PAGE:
front of 448 Water St, waiting. There was a mixup with the keyholder,
and somebody had to drive down to open up.

I ended up chatting with the guy at the front of the line while we
waited. He didn't give his name, but he said he was currently a
labourer, formerly a security guard, and before that a veteran with
two tours in Afghanistan.

He said he has chronic back pain, and the marijuana

Another person behind him in line chimed into the conversation, saying
the weed helps his rheumatoid arthritis.

"I pay $30 per pill for my arthritis pills," he said. "I smoke one
joint, and I'm ok."

By the time CannaLeaf opened for business at 10:20 a.m. on Sunday,
there were 16 people waiting patiently in the cold.

I identified myself as a journalist, explained the story I was writing
and asked if there was somebody who would be willing to comment. The
keyholder said that she couldn't comment, but if I gave my contact
information, she'd pass it along to the manager.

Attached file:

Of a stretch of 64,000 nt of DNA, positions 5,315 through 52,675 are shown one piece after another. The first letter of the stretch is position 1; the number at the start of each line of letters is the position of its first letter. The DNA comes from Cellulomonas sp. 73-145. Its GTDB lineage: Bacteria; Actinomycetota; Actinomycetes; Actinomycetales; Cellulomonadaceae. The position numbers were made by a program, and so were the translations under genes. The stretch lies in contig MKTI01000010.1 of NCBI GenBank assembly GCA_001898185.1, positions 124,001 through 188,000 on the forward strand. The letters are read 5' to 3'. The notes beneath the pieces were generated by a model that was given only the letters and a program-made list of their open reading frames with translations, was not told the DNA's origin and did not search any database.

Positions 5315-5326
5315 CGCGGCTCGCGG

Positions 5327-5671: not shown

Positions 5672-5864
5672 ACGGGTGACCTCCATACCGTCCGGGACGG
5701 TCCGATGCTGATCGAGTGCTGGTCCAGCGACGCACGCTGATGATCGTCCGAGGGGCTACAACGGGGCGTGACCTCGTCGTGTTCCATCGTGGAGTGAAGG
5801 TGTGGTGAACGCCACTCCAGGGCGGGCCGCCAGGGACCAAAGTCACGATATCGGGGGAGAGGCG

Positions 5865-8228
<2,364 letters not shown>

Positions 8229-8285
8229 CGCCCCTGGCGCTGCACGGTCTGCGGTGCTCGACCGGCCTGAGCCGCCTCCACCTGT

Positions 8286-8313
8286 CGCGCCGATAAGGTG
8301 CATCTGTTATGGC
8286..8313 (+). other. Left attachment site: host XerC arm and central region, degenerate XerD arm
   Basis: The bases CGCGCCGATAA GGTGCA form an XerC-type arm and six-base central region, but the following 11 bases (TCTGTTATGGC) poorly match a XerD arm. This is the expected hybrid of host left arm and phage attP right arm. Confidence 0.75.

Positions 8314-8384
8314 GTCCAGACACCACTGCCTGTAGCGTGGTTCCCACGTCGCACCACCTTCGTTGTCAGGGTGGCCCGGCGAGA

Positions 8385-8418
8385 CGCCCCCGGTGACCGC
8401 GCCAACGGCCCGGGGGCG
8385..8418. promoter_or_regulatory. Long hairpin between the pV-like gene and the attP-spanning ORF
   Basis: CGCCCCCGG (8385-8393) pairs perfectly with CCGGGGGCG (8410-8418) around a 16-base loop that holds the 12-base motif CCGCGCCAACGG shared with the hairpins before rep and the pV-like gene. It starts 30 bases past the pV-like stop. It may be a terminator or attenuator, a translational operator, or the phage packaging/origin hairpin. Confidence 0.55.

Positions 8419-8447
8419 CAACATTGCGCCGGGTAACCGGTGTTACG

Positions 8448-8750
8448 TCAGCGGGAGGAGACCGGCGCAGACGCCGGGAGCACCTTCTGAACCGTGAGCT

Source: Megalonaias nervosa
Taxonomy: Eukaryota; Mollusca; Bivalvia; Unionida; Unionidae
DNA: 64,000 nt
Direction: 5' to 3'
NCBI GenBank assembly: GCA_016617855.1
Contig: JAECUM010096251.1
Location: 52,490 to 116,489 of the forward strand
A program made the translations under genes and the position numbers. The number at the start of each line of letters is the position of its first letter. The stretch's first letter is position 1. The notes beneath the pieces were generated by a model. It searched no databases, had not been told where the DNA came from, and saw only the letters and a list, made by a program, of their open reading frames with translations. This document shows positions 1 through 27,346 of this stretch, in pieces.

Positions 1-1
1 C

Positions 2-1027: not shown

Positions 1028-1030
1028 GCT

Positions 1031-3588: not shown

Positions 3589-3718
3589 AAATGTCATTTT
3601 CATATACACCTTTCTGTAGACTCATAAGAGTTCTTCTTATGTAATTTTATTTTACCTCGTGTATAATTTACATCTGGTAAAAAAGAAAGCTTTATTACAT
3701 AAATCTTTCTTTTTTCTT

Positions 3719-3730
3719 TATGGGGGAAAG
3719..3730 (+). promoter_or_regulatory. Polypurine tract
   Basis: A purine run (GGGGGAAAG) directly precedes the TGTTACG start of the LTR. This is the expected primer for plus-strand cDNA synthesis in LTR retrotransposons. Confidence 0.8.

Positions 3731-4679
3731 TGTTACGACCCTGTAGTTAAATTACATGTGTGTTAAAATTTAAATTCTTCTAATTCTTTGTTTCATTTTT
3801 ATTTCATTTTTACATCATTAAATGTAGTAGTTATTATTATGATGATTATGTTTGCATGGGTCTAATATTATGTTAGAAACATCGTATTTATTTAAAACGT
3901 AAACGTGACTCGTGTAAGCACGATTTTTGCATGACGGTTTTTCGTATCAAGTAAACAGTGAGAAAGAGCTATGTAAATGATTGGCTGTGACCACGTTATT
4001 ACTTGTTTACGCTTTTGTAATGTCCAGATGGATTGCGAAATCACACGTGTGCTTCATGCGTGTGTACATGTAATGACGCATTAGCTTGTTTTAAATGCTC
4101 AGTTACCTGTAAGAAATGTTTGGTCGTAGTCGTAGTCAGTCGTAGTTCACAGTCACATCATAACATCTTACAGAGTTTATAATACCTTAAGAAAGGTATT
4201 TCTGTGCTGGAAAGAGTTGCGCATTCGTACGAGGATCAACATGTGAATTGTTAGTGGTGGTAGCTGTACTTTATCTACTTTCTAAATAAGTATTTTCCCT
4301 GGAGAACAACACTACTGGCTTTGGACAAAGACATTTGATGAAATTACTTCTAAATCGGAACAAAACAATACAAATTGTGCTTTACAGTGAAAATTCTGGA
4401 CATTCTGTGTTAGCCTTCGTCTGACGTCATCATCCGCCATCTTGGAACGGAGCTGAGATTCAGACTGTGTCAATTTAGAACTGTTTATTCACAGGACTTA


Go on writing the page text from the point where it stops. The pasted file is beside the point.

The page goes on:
Then she banned me from coming into the shop, and she said if The
Telegram used any of the pictures I took inside, they'd commence legal

As of publication, the manager has not gotten in touch.

The Telegram plans to send the drugs I purchased out for testing, to
determine the quality and chemical content.

- ------------------------------------------------------


"To ensure that we keep marijuana out of the hands of children, and
the profits out of the hands of criminals, we will legalize, regulate,
and restrict access to marijuana. We will remove marijuana consumption
and incidental possession from the Criminal Code, and create new,
stronger laws to punish more severely those who provide it to minors,
those who operate a motor vehicle while under its influence, and those
who sell it outside of the new regulatory framework. We will create a
federal/provincial/territorial task force, and with input from experts
in public health, substance abuse, and law enforcement, will design a
new system of strict marijuana sales and distribution, with
appropriate federal and provincial excise taxes applied."

- - 2015 Liberal Party of Canada election platform